Studies on the informativeness, value, and cost, of information and information systems
AuthorAskira, Gelman I.
AdvisorPingry, David E.
MetadataShow full item record
PublisherThe University of Arizona.
RightsCopyright © is held by the author. Digital access to this material is made possible by the University Libraries, University of Arizona. Further transmission, reproduction or presentation (such as public display or performance) of protected items is prohibited except with permission of the author.
AbstractThe widely used database technology and more recent developments in networking and Web technologies are encouraging diversity in the utilization of existing data. Data are now routinely pooled from multiple systems and physical locations, and integrated in creative ways for various decision-making purposes. From a managerial perspective, however, there are growing concerns in regard to the quality of the output information, and the economic justification of costly investments in such technologies. The major part of this dissertation addresses these concerns through formal studies on the quality and value of information, based on information economics (IE) theory. The quality and value of information integration is studied from a standpoint that recognizes the fundamental role of information integration in information systems. The objective of this study is to create a domain-independent theoretical framework that can facilitate decision making on information integration. The framework classifies information integration situations using two information quality characteristics--informativeness and dependence--and links different conditions in terms of these characteristics with different predictions on the value of integration. A second, related study centers on the questions of whether improving the accuracy of the input of an information system guarantees higher accuracy and economic value of its output, especially higher accuracy and economic value of forecasts. The study offers sufficient conditions under which the answer to these questions is positive, and also presents counter examples that suggest conditions under which the answer is negative. The results point to a contextual factor that can affect accuracy both ways--positive or negative--which has been ignored by data quality theory. This factor is dependence between errors. A third study considers a question related to software economics. Software economics theory equates software with code and directs that the supply of information be based entirely on demand patterns. However, an increasingly common custom in the software market to bundle the code with services indicates that a different model of cost and price may apply in many cases. Such model combines the information goods cost model with a service cost model. The study focuses on the question of the validity of such alternative model.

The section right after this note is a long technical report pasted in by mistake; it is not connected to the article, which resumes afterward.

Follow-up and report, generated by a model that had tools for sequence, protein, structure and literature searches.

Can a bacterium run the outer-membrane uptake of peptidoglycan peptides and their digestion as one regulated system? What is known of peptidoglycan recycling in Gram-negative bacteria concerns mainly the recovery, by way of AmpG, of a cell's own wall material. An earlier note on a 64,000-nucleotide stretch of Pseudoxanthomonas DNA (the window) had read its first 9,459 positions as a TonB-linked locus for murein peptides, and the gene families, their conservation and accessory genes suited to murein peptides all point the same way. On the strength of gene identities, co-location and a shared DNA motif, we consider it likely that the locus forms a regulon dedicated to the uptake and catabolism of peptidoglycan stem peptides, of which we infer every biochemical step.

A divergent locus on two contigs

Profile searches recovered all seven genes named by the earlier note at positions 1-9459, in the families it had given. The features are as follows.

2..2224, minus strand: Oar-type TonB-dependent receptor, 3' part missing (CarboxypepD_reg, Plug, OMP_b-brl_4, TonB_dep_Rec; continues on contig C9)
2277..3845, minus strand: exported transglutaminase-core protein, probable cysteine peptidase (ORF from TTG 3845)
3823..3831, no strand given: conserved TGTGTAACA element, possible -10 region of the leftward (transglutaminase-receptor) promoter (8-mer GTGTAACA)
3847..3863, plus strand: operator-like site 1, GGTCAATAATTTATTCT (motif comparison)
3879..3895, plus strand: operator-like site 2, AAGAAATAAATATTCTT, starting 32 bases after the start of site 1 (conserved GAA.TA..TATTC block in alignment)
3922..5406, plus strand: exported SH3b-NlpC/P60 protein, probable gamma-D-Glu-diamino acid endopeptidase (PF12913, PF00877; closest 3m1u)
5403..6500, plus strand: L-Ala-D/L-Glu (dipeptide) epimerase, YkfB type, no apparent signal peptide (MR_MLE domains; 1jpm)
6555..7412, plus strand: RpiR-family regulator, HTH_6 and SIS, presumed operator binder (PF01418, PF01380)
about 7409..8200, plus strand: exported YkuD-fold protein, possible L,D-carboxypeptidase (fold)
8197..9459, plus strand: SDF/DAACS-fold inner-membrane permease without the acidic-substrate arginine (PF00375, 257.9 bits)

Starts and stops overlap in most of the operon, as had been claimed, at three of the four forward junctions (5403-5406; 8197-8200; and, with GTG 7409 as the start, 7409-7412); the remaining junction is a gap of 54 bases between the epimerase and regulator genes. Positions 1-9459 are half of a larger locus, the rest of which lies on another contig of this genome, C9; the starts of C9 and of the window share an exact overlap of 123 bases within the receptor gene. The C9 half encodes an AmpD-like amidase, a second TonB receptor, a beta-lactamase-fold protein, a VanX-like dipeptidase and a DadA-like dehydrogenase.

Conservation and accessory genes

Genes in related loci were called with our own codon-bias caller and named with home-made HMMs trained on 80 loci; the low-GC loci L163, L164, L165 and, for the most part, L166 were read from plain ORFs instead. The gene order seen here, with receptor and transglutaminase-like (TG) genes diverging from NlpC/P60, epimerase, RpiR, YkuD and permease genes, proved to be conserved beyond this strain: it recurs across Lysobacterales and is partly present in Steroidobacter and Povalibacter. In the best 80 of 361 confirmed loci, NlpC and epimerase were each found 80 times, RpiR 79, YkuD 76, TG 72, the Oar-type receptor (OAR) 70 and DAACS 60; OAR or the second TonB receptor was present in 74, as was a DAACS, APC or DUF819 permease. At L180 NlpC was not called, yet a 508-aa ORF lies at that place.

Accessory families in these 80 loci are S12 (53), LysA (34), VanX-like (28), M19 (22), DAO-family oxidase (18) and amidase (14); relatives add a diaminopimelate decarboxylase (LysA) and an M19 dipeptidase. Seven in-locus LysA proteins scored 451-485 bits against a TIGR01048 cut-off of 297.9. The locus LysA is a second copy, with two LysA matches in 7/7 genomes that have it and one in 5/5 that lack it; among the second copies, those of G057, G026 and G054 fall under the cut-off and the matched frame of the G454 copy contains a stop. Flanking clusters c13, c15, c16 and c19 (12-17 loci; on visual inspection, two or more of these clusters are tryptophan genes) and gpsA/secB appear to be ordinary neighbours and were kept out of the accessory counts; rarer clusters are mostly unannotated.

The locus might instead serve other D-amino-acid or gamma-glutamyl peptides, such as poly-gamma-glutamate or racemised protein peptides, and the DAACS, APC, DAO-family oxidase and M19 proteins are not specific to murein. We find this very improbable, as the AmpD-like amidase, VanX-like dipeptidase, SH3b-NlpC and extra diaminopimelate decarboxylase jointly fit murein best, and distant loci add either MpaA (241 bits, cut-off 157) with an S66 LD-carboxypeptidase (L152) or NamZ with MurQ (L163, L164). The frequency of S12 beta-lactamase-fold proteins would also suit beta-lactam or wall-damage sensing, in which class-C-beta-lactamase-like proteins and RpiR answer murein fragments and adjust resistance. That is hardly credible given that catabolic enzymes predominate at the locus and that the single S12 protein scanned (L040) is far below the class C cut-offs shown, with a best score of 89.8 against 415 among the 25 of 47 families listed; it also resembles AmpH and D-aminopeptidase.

Degree ProgramGraduate College